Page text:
Vole steam ahead

trees

Bit like being in the Scrubs, you are now allowed to leave your house once a day for exercise.
Because of the closure of gyms nationally, and therefore the need to find a replacement to my cancelled Zumba classes, I am taking advantage of this allowance from the correctly-advised government-induced curfew.
A few days in and I’m witnessing things near my house I’d driven past previously (probably quite badly as Lewis Hamilton I’m not) but can now stop and think and wonder which aspect of flora and fauna I’m looking at.
However, the disadvantage of having been brought up in urban south London, means my limited knowledge of nature is confined to the ability of being able to identify different dog turds. We did have trees, but they would either be goalpost one, goalpost two or a very thick cricket wicket. No one ever returned home saying “Mother, dearest, my friends and I managed to scale the entire height of a Canadian Redwood earlier.” (Also, because this was Tooting Bec Common and not a park in Vancouver)
Having escaped, like the TV programme to, suburbia, the nature-identification needs are far greater. Aside from identifying a dead mouse (it could have been a vole or a shrew, I’m assuming here) I’m struggling with my lack of knowledge.
Because of this ignorance I’m thinking of taking a series of educational books with me on my daily hike: The Observer Book of Birds; the Observer Book of Trees; the Observer Book of Dead Rodents.
Carrying the contents of a small mobile library could also act as a replacement for the free weights I use at the gym. I could strengthen my biceps courtesy of a book with several pages devoted to pictures of deceased gerbils.
I’m going out early in the morning for my walk. I’m at that age when I wake up early and have invariably done the ironing by half four. Walking around you notice many things about peoples’ houses: the porch lights which come on when you walk past (handy if you’re an aspiring burglar – which I could be as I suit black); as the houses get bigger, so the car number plates become more personalised (my car’s number plate is MDZ, which would work if my surname was Zither) and whose nets need cleaning.
Today, during my hour-long traipse, I passed four people, two running, two walking like me (the two walking probably having a copy of I-Spy in Suburbia tucked inside their newly-bought kagools. The normal British response would be to ignore any passer-by, but these are different times and I’m wondering what the correct protocol might be? Should I have said anything or even doffed my cap (or in today’s case, my Bayern Munich bobble hat)?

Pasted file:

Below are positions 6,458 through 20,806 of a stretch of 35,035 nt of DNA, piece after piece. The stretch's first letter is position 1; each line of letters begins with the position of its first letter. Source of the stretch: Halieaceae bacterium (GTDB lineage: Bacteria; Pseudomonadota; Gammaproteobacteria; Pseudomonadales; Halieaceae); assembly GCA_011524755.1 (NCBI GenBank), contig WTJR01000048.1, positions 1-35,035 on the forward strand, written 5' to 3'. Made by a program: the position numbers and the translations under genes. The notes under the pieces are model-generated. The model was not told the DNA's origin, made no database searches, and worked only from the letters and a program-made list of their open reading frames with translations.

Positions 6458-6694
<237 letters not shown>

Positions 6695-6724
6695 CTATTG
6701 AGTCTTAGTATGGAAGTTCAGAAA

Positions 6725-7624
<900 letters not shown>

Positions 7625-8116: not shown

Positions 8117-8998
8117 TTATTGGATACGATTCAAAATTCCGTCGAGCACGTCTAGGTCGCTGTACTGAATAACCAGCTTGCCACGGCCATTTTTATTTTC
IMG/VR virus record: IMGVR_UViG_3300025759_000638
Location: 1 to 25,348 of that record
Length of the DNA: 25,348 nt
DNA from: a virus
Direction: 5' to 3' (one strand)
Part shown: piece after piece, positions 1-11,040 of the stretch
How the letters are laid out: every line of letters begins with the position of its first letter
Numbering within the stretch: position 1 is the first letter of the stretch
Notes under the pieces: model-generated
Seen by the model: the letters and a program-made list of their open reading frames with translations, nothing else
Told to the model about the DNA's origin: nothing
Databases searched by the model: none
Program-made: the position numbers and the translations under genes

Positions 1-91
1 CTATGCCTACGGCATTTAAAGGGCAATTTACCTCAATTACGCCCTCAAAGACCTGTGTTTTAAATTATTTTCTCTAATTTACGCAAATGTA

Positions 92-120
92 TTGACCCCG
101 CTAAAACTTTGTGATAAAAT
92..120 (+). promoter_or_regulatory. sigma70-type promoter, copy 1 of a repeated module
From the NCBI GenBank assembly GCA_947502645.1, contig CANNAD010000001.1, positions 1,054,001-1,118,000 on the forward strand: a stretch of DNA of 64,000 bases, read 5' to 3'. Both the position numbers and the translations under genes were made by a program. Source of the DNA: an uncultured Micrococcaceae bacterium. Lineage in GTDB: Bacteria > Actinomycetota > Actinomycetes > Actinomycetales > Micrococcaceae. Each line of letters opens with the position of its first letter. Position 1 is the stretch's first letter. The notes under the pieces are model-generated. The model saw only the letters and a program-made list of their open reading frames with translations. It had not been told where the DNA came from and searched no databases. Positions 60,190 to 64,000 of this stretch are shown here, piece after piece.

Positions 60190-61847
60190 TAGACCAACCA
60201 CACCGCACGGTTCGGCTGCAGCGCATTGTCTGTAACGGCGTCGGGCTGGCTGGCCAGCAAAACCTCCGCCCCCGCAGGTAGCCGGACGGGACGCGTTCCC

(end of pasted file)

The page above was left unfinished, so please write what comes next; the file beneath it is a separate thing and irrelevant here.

As this process continues then I’m sure we’ll all be talking – albeit shouting across various roads to each other, keeping a safe distance, obviously, “Did you see that dead mouse on Banstead Road?” “That was no mouse, that was an aardvark!”
This in turn will prompt me to return home and order the Observer Book of Ant-Eaters.
Time to wash my nets.

WFH; WTF; VPL

cabin

I’m one week in into working from home or WFH to give it its abbreviated title. It would seem these are the words used by WFH novices; veterans of WFH call it: “working remotely”.
However, with the closure of anywhere where you can sit for hours on end tending an increasingly cold cardboard cup of something which originally housed a large latte, these “remote” people will be restricted to WFH and therefore, be on the same level as us WFH newbies.
This could go on for three-months – or, if you’re a gynaecologist, a trimester. I am not a gynaecologist and the nearest I will be to being one is that I own several pairs of gloves, most of which have remnants of begonias on them, none, as I’m 62, have a giant loop of elastic attached.

What are the essentials to a three-month imprisonment? There could be a lot of downtime, so read everything by PG Wodehouse, this is essential to keep your spirits up and also books by John Buchan to read about the derring-dos you’ll be re-enacting once you’re released from your confinement.

john macnab
It is also important to have one DVD – the BBC version of Tinker, Tailor, Soldier, Spy being my DVD of choice and have my own competition with myself before I say “dead, mate!” to the TV screen.

tinker
You must still take on liquid – you don’t want to be the person who doesn’t return to work because they’ve dehydrated. Drink Benecol drinks if you have high cholesterol, Irn Bru, if you don’t. Don’t start eating more cake as your gym has been closed, time to get that Bullworker down from the loft if you’re tempted by a Victoria sponge.

Bullworker_in_1960s
Learn another language. Esperanto will probably be the favourite as we’re all in the same boat and we all need one thing which will bind us together. If you can’t get hold of a copy of Teach Yourself Esperanto then buy John Buchan’s John Macnab and learn how to capture salmon off posh Scottish people.
Knitting, crochet and cross-stitch will become less important as most people tend to only create toilet roll covers and soon we’ll be out of that – if you have a garden, build a pine forest – suddenly you’ll start to get on with your neighbour (wouldn’t that be nice, to quote the Small Faces).
But worth occupying your heavily-washed hands (opticians will soon be closed, so you don’t want to be doing too much self-isolating) so, building the Bismarck out of discarded matches might help pass the time – unless you’re a convicted pyromaniac, in which case carrying on sniffing glue while constructing an Airfix ME1019.

me 109
And if you’re looking for live sport, badminton is still on, but I bet you’ve not watched it longer than five minutes before you’re saying: “Stone me, they hit that hard, don’t they?”
Stay safe and remember, it’s just a matter of time before they are re-showing Mind your language.

shuttlecock